The Anticipation of Hope

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2 Dec 18 - First Sunday of Advent
The Anticipation of Hope
Luke 21
“It’s a dangerous business, Frodo, going out your door. You step onto the road, and if you don’t keep your feet, there’s no knowing where you might be swept off to.” ~ J.R.R. Tolkien.
That is a quote from JR Tolkien’s The Lord of the Rings. It was said by a Hobbit - small folk - 3-4 feet tall. They preferred to stay within the safety of their homes in a place called the Shire. On occasion, a few would venture off into the big world, and indeed, it was a dangerous business leaving the safety of the known and heading into the unfamiliar. It can be frightening and dangerous. There’s fear, apprehension, uncertainty.
Perhaps one of reason we find Christmas so appealing is it symbolizes peace, sanity, safety - especially in a rapidly changing and unpredictable world. We long for something normal in our lives, something that lacks chaos. We want a break from the “real world.” Somewhere in Christmas we search for peace, hope, joy. We long for a silent night. Just once, could we have peace on earth. If not on earth, at least in my neighborhood, in my home, in my life.
The cold wintery truth is; however, we won’t find that in lifetime. We will find glimpses here and there, but we will not find lasting peace and rest in this life. And frankly, it will get more chaotic, more dangerous, more volatile before the end.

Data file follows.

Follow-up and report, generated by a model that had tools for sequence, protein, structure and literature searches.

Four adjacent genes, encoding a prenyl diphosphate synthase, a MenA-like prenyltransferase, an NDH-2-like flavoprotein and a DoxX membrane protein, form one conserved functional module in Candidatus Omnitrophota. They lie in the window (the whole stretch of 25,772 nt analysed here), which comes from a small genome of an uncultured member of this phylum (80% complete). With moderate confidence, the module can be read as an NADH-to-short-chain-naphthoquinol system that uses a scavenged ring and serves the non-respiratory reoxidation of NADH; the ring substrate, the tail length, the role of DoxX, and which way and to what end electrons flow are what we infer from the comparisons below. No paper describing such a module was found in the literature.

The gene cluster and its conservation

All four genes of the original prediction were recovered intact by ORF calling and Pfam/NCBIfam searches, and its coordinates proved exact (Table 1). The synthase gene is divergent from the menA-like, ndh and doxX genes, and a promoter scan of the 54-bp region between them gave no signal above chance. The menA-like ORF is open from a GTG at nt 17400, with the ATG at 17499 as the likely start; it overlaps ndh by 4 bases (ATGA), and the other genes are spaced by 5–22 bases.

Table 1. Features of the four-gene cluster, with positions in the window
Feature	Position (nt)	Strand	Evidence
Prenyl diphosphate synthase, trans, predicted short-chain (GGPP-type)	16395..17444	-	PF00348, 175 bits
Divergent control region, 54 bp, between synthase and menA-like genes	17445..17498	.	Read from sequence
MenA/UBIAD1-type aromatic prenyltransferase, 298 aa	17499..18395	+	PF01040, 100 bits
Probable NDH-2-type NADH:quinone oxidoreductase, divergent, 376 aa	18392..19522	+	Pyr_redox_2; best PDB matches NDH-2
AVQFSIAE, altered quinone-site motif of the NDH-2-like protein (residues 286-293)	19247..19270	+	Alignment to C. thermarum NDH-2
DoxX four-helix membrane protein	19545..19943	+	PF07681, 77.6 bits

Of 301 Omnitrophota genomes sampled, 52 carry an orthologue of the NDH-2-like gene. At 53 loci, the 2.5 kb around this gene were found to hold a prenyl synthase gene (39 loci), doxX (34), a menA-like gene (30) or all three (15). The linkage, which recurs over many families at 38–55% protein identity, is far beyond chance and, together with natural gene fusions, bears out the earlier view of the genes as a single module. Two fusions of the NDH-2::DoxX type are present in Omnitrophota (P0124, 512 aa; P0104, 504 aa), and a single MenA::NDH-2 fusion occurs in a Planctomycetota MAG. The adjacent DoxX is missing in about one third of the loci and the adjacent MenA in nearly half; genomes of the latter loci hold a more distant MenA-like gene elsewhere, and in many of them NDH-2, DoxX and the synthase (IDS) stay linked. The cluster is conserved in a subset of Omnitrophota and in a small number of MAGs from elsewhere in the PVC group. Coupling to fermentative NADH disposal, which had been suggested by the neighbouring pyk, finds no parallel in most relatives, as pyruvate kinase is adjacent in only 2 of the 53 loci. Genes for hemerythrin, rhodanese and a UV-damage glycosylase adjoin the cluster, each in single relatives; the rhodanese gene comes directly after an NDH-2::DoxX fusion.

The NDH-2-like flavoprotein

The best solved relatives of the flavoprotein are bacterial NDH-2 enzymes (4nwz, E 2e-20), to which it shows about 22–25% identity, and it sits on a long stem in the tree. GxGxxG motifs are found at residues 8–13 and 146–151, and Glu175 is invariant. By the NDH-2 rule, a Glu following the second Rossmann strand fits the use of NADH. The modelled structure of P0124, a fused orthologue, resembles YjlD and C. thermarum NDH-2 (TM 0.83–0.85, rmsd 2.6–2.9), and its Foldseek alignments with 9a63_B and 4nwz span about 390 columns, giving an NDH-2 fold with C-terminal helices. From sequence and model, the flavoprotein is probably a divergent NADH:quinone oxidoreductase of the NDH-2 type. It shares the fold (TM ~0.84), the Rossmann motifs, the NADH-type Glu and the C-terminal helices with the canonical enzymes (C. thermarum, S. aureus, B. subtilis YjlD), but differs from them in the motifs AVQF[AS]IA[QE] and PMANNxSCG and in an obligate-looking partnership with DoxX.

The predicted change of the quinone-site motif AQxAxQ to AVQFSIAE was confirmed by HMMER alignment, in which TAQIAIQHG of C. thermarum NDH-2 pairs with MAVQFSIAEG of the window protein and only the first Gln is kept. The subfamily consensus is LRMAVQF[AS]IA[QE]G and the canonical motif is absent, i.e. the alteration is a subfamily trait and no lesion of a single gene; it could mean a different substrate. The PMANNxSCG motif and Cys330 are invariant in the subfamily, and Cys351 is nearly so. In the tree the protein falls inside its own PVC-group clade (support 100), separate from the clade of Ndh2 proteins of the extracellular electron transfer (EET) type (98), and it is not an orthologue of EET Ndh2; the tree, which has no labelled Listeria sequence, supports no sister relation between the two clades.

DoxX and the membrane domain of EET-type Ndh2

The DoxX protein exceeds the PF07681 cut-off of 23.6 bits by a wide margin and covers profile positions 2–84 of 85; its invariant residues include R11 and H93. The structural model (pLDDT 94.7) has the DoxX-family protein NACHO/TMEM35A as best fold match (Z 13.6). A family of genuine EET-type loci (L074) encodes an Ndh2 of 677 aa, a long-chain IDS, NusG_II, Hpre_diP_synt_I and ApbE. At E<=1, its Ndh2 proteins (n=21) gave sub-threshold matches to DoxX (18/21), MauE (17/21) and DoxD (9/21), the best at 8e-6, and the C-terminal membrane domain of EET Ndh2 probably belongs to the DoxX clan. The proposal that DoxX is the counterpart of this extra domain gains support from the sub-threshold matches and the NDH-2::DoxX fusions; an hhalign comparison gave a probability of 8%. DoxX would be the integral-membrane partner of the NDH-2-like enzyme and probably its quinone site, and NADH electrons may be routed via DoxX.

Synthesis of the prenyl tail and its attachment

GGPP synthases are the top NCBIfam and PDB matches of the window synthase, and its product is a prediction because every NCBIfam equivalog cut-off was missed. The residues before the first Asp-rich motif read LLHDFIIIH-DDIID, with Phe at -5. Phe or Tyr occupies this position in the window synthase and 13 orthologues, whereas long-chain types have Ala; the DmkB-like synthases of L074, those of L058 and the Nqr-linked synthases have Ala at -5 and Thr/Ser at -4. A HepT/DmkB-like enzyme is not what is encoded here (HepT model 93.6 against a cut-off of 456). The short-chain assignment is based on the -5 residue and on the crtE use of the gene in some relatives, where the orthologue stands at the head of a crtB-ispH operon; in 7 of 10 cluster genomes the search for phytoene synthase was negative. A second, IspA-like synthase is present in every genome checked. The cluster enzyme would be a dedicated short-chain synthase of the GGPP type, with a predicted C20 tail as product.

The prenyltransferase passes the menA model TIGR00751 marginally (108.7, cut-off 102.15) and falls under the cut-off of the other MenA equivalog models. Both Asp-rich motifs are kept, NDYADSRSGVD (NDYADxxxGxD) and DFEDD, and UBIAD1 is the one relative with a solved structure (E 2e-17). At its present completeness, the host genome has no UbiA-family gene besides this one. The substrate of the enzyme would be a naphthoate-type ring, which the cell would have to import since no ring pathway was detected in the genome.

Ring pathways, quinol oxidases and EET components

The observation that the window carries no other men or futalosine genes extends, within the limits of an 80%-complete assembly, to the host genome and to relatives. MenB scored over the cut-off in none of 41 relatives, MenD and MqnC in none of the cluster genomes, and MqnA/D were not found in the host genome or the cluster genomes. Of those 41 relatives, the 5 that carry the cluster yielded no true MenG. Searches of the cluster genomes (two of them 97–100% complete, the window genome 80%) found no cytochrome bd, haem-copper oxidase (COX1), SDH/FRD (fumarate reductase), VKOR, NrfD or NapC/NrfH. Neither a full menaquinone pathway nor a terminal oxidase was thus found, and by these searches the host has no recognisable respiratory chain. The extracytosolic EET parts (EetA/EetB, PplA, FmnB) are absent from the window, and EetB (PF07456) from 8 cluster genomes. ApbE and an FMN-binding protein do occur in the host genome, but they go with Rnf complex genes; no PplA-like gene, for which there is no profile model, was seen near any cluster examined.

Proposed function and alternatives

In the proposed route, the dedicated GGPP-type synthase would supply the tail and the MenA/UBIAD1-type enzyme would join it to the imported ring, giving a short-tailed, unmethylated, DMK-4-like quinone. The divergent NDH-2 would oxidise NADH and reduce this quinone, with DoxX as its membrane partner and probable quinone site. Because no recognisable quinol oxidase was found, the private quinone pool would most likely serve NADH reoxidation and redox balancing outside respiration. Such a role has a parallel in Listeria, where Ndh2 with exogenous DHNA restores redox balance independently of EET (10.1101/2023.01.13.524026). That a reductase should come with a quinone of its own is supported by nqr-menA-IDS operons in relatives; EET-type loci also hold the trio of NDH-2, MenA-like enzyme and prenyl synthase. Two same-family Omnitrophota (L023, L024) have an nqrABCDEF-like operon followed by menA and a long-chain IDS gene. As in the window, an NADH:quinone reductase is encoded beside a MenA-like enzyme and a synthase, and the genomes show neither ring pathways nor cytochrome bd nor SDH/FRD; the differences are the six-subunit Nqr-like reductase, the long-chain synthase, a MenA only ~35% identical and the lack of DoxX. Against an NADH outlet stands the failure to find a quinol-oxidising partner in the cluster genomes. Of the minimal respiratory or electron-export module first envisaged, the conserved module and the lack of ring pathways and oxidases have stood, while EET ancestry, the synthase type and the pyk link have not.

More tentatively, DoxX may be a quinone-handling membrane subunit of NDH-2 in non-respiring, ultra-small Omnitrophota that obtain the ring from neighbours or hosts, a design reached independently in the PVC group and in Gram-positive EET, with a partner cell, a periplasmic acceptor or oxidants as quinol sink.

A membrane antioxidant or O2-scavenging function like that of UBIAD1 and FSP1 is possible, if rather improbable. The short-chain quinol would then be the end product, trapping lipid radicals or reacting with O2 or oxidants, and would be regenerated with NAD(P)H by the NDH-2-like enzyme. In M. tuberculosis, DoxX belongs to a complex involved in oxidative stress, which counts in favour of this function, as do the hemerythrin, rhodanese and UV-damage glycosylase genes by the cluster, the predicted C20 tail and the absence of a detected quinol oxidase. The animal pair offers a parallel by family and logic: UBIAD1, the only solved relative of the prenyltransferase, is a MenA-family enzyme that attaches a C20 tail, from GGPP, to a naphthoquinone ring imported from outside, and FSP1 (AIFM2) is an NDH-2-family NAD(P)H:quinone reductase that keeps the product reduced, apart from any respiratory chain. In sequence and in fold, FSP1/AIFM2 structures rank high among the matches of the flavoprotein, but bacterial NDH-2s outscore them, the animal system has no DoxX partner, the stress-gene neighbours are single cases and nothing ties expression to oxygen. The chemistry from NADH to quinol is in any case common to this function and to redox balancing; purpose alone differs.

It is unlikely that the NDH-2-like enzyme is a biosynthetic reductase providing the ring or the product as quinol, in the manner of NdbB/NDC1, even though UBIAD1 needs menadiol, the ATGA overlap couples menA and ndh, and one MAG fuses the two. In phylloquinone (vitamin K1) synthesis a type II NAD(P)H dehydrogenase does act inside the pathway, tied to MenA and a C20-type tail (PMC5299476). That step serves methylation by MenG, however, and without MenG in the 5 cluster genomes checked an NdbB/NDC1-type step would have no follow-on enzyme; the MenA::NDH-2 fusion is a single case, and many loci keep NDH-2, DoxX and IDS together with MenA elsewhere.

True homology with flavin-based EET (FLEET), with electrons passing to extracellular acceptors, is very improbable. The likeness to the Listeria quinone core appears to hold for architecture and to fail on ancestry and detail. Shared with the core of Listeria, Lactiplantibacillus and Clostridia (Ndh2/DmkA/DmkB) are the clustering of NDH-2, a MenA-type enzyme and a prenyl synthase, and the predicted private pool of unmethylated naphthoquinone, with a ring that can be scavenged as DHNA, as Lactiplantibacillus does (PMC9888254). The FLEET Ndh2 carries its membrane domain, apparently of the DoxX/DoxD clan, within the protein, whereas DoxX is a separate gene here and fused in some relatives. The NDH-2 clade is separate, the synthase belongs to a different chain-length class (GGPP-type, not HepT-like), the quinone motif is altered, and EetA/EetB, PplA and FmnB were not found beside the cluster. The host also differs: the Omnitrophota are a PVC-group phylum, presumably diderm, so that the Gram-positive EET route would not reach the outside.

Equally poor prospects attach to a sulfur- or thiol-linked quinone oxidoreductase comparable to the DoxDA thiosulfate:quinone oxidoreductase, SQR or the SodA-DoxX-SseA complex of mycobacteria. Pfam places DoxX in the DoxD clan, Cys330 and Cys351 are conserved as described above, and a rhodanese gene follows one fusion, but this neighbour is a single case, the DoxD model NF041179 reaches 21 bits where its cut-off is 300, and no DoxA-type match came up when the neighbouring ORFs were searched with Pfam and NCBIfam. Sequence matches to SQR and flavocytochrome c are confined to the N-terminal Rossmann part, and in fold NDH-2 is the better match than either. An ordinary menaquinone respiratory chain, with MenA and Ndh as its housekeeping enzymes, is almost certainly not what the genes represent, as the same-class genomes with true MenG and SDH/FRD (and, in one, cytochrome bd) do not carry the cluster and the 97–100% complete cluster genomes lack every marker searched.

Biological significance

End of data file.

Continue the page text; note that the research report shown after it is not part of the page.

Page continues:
“It’s a dangerous business, Frodo, going out your door.” Soon, 2018 will be behind us and 2019 will come and go too soon, too fast. It’s a strange new world out there - it’s changing faster than anyone can keep up. Scientists, inventors, business men and women from different faiths and cultures are saying we need to put the brakes on. We’re moving too fast, too far, we’re crossing lines humans are not ready to cross. But no one knows how to stop it.
And so what do we do? How do we as people who claim to follow the Messiah face this brave new world? How do we keep our feet in an everchanging landscape? We can’t stay home. We can’t hide and wait for Jesus to return. Jesus saves us and sends us. We are called to go out our front doors and onto the road - but we do need to keep our feet, keep our wits about us.
In Luke 21, the disciples were facing similar times. Israel was under Roman occupation. The disciples were kind of getting caught up in the here and now; enamored with this world.
Luke 21:5–6 NIV